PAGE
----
The Myth of the Perfect Team


All of my life, I have considered myself a perfectionist. If something is 95% correct, I like to study the opportunity for improvement that the remaining 5% presents. So I was intrigued by a question a client asked me a few weeks ago. His project had recently wrapped up, and we were talking about his experience with and his reactions to the integrated team and technology implemented.
It was good. I wouldn't do it any other way. But it wasn't perfect.
No wonder he and I get along so well. We're part of the same club. His reaction was thoughtful and honest. It launched a conversation about the concept of the perfect team and the perfect..and posed the question:
Is there such thing as a perfect team or a perfect project?
While there likely isn't, I decided to think about it a little more and came up with the following characteristics for the perfect team.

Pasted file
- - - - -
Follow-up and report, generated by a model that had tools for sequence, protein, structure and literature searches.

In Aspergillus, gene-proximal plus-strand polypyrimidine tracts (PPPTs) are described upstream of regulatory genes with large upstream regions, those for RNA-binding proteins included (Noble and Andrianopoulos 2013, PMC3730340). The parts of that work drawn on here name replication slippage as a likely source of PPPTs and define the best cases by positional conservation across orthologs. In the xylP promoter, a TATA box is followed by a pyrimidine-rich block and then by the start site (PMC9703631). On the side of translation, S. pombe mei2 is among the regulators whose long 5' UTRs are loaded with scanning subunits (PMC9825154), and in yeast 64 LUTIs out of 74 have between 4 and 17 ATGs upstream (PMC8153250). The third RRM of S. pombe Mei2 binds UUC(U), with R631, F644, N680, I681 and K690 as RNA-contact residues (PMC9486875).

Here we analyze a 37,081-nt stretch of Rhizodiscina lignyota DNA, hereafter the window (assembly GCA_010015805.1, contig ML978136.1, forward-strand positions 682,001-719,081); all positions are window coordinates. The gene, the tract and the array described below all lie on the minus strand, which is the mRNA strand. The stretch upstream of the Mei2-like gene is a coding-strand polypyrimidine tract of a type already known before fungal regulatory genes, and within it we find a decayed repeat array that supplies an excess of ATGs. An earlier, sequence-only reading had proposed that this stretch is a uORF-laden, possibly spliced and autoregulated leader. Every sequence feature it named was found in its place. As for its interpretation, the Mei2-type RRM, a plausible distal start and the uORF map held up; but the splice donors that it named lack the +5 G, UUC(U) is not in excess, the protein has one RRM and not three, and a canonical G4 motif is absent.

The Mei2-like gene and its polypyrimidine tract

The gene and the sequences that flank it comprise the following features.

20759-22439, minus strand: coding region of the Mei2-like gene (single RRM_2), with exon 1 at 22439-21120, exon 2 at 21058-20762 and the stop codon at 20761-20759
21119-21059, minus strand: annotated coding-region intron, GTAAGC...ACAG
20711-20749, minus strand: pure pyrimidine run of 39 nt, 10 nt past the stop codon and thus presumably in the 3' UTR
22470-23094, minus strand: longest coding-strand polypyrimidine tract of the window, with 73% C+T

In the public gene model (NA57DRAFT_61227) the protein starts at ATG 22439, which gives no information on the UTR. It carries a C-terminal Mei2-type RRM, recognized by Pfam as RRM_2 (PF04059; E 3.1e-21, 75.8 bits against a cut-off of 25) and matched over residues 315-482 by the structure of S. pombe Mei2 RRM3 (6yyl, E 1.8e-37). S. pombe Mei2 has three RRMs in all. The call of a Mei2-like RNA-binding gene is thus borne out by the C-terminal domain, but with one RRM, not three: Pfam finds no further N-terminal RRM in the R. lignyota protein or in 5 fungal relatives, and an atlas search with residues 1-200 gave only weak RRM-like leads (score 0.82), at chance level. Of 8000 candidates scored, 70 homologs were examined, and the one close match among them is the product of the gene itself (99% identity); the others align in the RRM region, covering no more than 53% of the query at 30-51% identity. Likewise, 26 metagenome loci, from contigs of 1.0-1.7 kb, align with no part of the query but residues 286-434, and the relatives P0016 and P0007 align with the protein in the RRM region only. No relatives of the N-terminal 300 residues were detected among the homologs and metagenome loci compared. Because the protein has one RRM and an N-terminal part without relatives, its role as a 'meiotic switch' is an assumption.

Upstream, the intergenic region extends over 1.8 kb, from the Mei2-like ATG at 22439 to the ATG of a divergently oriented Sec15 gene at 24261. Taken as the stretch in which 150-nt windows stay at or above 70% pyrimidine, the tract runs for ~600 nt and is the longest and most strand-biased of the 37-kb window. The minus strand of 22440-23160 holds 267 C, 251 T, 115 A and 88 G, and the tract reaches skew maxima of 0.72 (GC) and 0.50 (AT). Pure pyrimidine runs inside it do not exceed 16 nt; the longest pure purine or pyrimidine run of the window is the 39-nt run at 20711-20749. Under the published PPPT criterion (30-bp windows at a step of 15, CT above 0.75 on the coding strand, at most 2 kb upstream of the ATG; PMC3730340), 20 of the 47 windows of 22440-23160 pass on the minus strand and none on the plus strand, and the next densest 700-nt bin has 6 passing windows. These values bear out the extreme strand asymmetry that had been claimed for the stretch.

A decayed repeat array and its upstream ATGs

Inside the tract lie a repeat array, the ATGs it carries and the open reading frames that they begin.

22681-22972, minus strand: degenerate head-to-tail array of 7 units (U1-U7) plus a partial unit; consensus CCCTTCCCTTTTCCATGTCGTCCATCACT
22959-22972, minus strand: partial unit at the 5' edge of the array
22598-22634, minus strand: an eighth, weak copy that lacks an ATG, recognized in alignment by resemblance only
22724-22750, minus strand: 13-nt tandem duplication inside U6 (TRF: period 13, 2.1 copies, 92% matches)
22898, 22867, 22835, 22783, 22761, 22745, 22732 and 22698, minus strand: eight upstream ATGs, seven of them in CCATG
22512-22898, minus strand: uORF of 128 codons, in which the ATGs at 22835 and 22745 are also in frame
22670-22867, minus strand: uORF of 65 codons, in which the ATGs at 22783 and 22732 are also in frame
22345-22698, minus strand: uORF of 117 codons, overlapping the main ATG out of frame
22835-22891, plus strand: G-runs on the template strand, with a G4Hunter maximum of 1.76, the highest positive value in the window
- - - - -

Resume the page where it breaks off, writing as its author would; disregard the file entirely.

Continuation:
1. The perfect team is relative. Meaning, that my perfect team isn't necessarily your perfect team. Perfect is about fit. (Based on this, you can assume that the remaining characteristics may not apply to you at all!)
  2. My perfect team is diverse. They have complimentary skill sets, both technically and sociologically. 
  3. My perfect team is lively. They debate, they laugh, they have productive friction. To me, that is a sign of trust and passion.
  4. My perfect team is proactive. It is naive to assume that challenges won't come up. So they consider and keep in mind the potential paths and pitfalls. 
  5. My perfect team is action-oriented. At the end of the day, they make decisions and move the ball forward. They are intentional with their pauses and movements.
  6. My perfect team is resilient. When (not if) they hit a roadblock, they find a way to move forward and maintain focus on the end goal.

So that's my perfect team. What does your perfect team look like? Is there such thing as a perfect team? Leave your thoughts in the comments or send them my way on Twitter!

You might also like to read:
"Spinach In Your Teeth" Team
Why IPD Works
Three Rules for Innovation Teams

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